I always freak out when I find out that my tenants are leaving. Turnovers are a lot of work — painting, changing the locks, squeezing in improvements where I can, refunding security deposits, getting the new tenants moved in…. Oh, and the biggest task of all, actually finding and screening suitable new tenants. A couple of years ago, when the rental market was a lot worse (and I was brand new at this whole landlord gig), I think I had 50 showings before I had a signed lease. (Last year, thanks to a very directed ad, and an improving rental market, I found tenants on the first day, after about 5 showings).
My new tenants gave me their security deposit, and signed the lease tonight, which means I got to take that “FOR RENT” sign out of my yard. The lease itself, I’ve hemmed and hawed over since the beginning. I’m still not sure I’ve got it just right.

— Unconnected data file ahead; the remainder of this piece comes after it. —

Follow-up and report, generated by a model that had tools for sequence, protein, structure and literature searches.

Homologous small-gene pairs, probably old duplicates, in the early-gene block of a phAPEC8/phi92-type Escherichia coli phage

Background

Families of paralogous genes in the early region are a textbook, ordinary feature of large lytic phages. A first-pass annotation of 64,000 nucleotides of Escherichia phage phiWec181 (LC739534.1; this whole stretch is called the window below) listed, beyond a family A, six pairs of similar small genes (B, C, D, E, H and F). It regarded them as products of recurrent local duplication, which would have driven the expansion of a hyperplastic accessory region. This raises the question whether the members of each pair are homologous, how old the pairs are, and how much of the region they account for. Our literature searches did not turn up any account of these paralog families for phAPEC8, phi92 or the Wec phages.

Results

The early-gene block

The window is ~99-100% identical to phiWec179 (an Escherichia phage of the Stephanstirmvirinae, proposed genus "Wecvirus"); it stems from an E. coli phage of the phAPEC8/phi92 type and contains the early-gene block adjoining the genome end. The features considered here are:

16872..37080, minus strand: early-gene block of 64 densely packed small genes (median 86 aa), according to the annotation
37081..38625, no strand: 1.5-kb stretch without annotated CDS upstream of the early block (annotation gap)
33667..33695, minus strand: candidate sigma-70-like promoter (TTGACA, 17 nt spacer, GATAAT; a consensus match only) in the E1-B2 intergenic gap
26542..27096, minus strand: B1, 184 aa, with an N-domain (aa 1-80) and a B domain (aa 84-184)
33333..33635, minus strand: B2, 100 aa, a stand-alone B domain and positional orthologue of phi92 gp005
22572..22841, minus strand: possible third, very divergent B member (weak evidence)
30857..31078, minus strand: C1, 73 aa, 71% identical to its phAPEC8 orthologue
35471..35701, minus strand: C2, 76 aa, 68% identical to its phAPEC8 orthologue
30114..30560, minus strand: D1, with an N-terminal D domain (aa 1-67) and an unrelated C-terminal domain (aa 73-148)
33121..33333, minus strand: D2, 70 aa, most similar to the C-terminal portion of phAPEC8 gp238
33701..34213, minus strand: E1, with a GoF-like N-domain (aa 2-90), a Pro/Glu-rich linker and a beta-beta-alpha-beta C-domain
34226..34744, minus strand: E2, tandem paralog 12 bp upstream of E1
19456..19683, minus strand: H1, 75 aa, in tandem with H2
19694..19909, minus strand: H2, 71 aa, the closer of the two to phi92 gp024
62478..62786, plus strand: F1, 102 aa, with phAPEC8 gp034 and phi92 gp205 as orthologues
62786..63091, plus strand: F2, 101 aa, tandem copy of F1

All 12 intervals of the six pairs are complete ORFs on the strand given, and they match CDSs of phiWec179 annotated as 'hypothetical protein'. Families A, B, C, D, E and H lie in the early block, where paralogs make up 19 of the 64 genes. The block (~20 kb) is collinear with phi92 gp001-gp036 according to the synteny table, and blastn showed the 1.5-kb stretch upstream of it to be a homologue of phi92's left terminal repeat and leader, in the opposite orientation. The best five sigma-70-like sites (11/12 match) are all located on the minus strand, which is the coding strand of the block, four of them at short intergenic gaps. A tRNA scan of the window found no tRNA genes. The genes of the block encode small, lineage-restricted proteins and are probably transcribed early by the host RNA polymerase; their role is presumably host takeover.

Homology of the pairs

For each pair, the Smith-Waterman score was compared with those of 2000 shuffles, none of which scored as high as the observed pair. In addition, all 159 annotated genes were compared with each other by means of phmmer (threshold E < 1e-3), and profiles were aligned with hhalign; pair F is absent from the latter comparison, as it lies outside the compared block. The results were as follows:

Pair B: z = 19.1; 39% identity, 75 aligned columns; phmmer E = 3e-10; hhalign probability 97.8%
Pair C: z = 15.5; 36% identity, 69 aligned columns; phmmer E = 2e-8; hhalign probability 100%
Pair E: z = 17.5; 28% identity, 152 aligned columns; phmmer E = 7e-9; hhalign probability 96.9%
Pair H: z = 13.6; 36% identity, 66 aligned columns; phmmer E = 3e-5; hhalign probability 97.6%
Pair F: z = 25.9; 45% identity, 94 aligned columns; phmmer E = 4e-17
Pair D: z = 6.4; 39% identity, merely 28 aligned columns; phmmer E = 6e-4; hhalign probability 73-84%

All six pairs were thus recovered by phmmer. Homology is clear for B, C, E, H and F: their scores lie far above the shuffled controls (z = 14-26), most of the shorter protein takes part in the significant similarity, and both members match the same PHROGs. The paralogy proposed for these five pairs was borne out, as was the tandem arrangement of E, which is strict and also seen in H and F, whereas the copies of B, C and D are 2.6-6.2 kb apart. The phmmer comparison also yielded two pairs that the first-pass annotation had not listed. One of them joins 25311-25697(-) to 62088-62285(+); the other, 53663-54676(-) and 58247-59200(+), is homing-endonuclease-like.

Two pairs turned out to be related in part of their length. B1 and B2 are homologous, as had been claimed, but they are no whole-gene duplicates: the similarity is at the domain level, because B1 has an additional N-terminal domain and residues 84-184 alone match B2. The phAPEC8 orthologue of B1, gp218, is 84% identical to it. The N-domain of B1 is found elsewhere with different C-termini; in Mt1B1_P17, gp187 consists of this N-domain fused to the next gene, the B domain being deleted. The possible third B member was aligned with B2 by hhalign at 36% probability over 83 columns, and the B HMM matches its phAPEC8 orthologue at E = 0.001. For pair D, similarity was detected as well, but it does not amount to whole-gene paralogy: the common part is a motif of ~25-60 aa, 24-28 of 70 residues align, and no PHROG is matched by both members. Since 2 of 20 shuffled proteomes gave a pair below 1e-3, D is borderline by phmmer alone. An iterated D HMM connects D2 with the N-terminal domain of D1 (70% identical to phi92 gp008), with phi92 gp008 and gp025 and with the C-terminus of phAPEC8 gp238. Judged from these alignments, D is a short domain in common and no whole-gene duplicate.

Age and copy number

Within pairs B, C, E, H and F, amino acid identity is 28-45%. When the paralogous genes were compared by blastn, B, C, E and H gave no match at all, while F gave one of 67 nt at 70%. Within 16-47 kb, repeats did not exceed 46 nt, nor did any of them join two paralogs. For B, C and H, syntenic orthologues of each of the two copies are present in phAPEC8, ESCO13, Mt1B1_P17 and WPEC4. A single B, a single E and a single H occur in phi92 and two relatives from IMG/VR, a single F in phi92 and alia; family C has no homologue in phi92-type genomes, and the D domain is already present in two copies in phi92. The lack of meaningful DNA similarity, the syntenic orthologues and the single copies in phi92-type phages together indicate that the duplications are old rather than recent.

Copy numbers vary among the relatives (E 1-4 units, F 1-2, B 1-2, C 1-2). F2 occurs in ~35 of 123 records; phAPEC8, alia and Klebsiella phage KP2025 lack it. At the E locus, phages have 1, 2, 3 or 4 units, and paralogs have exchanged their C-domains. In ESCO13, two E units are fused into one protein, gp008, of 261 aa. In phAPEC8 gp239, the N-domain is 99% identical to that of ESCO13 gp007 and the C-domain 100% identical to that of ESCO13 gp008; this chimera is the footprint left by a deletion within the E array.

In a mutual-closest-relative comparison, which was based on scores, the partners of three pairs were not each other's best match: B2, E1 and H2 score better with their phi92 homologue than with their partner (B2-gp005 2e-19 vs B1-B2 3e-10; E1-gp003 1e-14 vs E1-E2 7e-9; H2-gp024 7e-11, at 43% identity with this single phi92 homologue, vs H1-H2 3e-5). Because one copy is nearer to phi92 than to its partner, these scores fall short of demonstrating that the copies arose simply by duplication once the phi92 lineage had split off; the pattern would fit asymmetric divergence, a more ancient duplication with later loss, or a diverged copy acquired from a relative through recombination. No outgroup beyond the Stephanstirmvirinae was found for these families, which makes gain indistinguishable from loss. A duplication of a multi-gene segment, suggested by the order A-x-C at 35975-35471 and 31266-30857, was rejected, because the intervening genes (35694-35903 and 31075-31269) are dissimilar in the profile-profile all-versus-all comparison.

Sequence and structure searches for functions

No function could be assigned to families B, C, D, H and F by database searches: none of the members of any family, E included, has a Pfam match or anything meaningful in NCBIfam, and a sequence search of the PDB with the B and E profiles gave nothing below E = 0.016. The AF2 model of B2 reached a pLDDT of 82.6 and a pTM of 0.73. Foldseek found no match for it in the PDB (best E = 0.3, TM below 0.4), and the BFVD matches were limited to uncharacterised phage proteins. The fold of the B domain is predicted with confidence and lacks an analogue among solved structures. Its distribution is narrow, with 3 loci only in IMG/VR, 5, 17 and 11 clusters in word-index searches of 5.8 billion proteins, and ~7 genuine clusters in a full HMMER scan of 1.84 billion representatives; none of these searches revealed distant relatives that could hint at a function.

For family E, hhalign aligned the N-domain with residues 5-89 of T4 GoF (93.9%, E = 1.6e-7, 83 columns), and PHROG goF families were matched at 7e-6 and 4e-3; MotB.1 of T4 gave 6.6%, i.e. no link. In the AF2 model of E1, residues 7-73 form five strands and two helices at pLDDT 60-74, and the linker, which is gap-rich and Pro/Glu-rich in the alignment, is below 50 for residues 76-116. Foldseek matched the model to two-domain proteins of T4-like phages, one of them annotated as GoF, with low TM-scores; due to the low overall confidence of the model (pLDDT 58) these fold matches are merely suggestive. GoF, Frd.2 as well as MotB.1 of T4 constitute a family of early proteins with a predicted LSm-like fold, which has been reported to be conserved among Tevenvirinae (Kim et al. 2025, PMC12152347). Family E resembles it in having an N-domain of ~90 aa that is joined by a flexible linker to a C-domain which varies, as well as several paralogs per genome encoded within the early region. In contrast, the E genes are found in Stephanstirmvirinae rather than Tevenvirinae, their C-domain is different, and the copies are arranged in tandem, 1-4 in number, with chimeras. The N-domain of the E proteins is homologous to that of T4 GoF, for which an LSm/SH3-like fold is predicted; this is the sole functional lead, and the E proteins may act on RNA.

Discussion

WHERE TO GET A LEASE
There are many standard lease forms out there. There are, of course, many online sources to sift through. My local multi-housing organization sells a standard form for a couple of dollars. I also have a book called Every Landlord’s Legal Guide that includes a standard form. My tenant screening service offers a lease. And, of course, my city’s tenant’s rights organization offers their own version of a standard lease, for free. When I first bought my duplex, my boyfriend at the time (who also owned a duplex) was using a lease drawn up by his father, a patent lawyer who had been renting out investment property for years. He claimed it was “bulletproof.”